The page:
->> Bradly, I don't think that, when ID was first asked for, the photographer was acting suspiciously.

What's not in evidence here is what led the officer to stop in the first place. Was it his driving by and wondering what was going on, or was it a phone call from either a nearby homeowner or a passing motorist expressing concern?

If there was a call from either of these two examples, then the suspicion exists before the arrival of the officer, as he is, at that time, investigating the call. In such a situation, the photographer exacerbates the situation by refusing to show ID.
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Andrew Richardson, Student/Intern, Photographer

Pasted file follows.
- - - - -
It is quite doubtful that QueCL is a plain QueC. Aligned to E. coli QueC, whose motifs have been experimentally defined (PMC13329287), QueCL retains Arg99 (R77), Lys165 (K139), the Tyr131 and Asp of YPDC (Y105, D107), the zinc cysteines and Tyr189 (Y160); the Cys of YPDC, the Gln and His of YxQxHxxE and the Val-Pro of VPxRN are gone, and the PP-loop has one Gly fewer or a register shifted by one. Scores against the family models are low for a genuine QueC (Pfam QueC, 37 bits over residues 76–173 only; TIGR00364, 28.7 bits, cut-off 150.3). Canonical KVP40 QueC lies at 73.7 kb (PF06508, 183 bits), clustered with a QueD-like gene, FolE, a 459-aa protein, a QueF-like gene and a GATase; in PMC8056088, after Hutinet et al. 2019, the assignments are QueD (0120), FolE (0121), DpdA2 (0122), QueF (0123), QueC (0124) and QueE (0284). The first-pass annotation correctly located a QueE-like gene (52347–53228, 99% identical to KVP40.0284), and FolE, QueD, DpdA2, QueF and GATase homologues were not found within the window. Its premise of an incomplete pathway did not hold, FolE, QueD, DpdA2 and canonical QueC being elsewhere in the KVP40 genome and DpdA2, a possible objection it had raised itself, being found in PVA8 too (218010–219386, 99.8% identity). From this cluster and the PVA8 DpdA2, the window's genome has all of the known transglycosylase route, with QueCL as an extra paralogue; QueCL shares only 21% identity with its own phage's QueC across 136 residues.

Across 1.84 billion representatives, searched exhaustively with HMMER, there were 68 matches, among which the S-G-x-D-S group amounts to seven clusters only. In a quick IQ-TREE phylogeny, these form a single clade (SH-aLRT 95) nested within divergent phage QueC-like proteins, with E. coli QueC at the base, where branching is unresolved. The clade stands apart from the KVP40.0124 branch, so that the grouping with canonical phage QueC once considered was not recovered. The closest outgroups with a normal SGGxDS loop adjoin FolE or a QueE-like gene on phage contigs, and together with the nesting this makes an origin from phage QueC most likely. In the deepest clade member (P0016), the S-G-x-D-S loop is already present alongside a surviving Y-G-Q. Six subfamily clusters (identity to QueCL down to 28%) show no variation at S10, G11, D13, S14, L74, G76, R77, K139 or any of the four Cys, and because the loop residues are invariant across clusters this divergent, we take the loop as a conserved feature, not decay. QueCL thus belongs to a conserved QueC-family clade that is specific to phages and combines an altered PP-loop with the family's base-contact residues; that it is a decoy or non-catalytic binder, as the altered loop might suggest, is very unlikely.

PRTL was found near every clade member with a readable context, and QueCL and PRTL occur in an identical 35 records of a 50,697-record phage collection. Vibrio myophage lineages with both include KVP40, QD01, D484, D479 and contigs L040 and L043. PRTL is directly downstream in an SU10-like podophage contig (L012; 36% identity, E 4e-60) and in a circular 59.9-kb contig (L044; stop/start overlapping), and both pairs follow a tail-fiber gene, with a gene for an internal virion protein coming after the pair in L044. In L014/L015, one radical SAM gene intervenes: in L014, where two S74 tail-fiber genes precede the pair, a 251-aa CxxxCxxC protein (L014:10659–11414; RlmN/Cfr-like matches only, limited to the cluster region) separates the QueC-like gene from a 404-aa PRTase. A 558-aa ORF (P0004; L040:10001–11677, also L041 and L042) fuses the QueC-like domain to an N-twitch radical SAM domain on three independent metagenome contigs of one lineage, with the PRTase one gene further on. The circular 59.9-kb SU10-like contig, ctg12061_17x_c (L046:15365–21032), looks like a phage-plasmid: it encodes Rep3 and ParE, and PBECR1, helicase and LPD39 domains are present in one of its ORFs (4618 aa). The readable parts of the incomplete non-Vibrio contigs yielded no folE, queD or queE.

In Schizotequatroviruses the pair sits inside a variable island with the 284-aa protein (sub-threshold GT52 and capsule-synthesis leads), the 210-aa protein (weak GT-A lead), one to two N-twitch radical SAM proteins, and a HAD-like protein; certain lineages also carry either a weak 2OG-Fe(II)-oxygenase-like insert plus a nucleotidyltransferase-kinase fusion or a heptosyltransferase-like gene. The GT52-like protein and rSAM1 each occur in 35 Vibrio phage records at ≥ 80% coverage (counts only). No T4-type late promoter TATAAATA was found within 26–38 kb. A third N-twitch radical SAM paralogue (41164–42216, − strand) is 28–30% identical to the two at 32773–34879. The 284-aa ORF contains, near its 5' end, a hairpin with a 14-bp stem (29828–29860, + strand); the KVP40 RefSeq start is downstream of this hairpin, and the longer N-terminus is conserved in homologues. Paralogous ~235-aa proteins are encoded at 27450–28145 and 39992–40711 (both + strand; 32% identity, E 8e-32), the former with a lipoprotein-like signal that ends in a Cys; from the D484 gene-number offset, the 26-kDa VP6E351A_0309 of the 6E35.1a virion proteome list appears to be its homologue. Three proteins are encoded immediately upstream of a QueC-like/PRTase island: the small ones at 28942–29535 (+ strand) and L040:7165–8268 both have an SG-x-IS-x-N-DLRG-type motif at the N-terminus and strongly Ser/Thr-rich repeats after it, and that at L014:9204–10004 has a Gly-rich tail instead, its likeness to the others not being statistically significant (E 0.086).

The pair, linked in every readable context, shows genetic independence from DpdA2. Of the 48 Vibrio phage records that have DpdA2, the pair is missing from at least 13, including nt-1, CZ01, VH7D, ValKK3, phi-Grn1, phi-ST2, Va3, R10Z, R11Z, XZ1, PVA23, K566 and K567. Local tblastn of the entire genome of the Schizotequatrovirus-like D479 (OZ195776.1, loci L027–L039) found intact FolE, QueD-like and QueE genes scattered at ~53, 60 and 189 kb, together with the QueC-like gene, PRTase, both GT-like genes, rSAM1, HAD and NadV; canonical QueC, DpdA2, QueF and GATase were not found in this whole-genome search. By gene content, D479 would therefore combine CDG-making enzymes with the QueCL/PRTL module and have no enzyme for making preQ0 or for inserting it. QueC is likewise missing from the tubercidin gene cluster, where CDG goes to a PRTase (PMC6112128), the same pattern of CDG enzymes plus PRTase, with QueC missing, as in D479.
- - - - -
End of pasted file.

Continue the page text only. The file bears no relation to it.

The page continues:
Houston | TX | USA | Posted: 1:54 PM on 03.01.12
->> As I posted on Fstoppers, the guy should have showed him his ID. If he had continued to be harassed after that then fin, he has an actual case. I really don't think there's anything wrong with a cop checking out a random dude parked on a bridge with something pointing down at traffic in the middle of the night. This guy was just looking for a fight for no reason.
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Scott Serio, Photo Editor, Photographer
Colora | MD | USA | Posted: 2:03 PM on 03.01.12
->> While he "explained time lapse", can we all agree, he didn't really. I mean, to some people who don't know photography, you say "Time Lapse" and they might get visions of a Delorean or Ahhhnold making a leap in time. I mean, he did, but to me, he was just trying to be a jerk (the photog).